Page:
On this day … 27 May 1833

The foundation stone was laid for St Ignatius Church in Meadow Street. The church opened for worship in 1836, and eventually formed the centre of a very attractive grouping of buildings, including a square of houses, a presbytery and schools.

Within twenty years it had been enlarged, to a design by Joseph Hansom, the architect of St Walburge’s, to accommodate a congregation of 1,200. The development of the complex of buildings as the century progressed, can be seen in the plans below. And, unlike the Anglican churches in the town, pews were not rented out and the poor people of the district enjoyed free admittance.

The church opened shortly after the passing of the Roman Catholic Relief Act of 1829 that granted emancipation to the country’s Catholics, allowing them, for example, to become MPs. The emancipation of Catholics and the building of another Catholic church in Preston should not be taken to mean that the prolonged hostility to Preston’s Catholics throughout the preceding century had abated. That century had seen the priest at St Mary’s in Friargate fleeing for his life when a No-Popery mob attacked his church.

The anti-Catholic sentiments of the town’s Protestant clergy came to be coupled with hostility to the Irish migrants who were beginning to arrive in the town, almost all of whom were Catholic, and many of whom joined the congregation at St Ignatius.

When the Rev John Clay, the 19th-century Preston prison chaplain and social reformer, was asked to supply evidence to a Royal Commission ‘on the state of the Irish poor in Great Britain’ in 1833, he responded, ‘…it would be advantageous to this town and neighbourhood if the immigration of Irish could be completely stopped.’ The next Preston witness, William Taylor, was also clearly no friend of the Irish, ‘I have no hesitation in saying, that it would be generally advantageous to this part of the country if the immigration of the Irish here were at once completely stopped.’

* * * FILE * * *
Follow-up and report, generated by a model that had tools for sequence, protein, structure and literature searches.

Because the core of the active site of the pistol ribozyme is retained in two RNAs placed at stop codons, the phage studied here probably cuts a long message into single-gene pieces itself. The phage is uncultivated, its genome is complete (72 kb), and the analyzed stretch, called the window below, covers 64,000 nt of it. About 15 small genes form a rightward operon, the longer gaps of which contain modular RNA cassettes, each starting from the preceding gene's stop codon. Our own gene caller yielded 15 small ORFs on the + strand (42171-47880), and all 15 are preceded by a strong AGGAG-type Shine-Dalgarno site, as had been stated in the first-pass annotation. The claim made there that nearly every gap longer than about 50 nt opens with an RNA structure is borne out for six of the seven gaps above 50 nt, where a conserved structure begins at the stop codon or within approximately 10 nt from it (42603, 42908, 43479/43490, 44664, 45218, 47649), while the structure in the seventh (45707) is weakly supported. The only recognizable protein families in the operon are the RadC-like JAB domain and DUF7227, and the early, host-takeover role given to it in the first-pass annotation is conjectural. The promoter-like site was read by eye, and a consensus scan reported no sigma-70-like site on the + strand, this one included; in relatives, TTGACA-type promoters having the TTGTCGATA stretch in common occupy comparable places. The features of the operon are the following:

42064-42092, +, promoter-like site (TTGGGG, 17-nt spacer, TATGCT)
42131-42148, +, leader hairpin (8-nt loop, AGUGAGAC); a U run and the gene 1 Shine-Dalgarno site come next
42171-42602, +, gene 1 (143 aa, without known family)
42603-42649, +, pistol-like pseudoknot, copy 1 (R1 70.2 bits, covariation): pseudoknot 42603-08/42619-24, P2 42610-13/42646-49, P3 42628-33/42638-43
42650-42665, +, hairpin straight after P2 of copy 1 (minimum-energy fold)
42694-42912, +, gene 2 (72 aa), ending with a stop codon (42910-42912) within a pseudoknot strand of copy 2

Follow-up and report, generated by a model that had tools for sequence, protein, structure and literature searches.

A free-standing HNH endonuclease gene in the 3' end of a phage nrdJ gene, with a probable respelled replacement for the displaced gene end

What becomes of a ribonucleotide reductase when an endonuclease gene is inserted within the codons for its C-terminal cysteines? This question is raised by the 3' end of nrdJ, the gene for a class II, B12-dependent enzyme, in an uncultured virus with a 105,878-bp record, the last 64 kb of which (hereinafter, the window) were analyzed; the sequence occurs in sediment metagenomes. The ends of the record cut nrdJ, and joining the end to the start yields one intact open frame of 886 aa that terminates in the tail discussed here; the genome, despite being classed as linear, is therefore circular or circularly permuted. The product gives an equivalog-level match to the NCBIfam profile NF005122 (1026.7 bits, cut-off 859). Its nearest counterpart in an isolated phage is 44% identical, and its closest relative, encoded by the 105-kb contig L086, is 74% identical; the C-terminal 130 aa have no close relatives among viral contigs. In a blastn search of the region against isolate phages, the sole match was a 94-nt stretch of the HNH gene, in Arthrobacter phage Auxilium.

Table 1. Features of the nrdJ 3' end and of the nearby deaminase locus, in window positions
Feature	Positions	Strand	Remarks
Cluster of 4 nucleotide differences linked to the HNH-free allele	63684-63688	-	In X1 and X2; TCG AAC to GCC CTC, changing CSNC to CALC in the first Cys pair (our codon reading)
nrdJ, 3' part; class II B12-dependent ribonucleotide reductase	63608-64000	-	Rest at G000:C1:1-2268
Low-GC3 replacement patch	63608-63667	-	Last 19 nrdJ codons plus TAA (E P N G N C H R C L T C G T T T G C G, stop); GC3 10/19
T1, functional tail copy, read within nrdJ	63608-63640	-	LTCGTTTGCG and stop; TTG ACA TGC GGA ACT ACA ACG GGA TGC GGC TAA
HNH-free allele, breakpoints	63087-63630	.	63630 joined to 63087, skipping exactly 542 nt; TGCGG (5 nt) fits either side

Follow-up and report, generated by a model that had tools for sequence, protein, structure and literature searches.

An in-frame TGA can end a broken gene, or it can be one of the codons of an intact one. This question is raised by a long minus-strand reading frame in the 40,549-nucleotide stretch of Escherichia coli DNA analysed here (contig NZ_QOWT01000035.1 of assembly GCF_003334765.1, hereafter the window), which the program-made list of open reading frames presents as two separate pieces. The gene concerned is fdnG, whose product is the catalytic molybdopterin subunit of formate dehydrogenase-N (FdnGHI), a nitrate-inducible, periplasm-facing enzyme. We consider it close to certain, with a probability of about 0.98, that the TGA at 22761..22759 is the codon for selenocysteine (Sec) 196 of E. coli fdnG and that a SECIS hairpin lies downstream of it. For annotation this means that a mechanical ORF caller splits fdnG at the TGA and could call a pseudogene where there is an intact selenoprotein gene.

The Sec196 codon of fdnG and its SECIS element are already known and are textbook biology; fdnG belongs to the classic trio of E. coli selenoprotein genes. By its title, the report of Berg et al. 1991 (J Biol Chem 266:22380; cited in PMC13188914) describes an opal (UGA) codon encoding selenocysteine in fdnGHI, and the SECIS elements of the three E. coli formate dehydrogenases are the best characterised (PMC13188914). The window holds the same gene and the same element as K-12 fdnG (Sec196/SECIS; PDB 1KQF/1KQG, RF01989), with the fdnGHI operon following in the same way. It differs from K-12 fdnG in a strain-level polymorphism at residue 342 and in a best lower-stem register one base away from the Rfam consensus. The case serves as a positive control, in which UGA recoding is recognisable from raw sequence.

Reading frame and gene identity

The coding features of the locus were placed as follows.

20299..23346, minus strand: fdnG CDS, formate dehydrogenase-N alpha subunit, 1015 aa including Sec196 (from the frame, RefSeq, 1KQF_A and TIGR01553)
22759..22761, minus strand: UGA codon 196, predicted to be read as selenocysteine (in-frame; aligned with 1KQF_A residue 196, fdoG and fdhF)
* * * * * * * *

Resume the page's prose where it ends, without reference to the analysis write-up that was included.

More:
The simililarity of the wording in their submissions does rather suggest some collusion between the pair.

The Rev Clay joined the vicar of Preston, the Rev John Owen Parr, and the town’s other Anglican clergy in virulent objections to the restoration of the Catholic hierarchy in England in 1850, which created new dioceses and bishops. By this time the number of Irish migrants settling in Preston had swelled considerably.

This hostility was not universal. Several Preston witnesses to the 1833 royal commission counteracted the evidence of Clay and Taylor, but it was their evidence that headed submissions to the commission.

And the attacks on Catholics by the Anglican clergy in 1850, provoked strong rebuttals in the letters columns of some, not all, of the town’s newspapers. The vicar was believed to write anonymously the editorials for the Preston Herald when the Anglican establishment was threatened.

The church closed on 2 December 2014, but within weeks worship resumed, when the Syro-Malabar Catholic Church took it over to serve its local community.

The main base of the Syro-Malabar Catholic Church is in Kerala in India. St Ignatius Church is now also known as the Syro-Malabar Cathedral of St Alphonsa. In 2016, the Right Rev Dr Joseph Srampickal was appointed the first bishop or eparch of the church in England by Pope Francis.

Hewitson’s History of Preston

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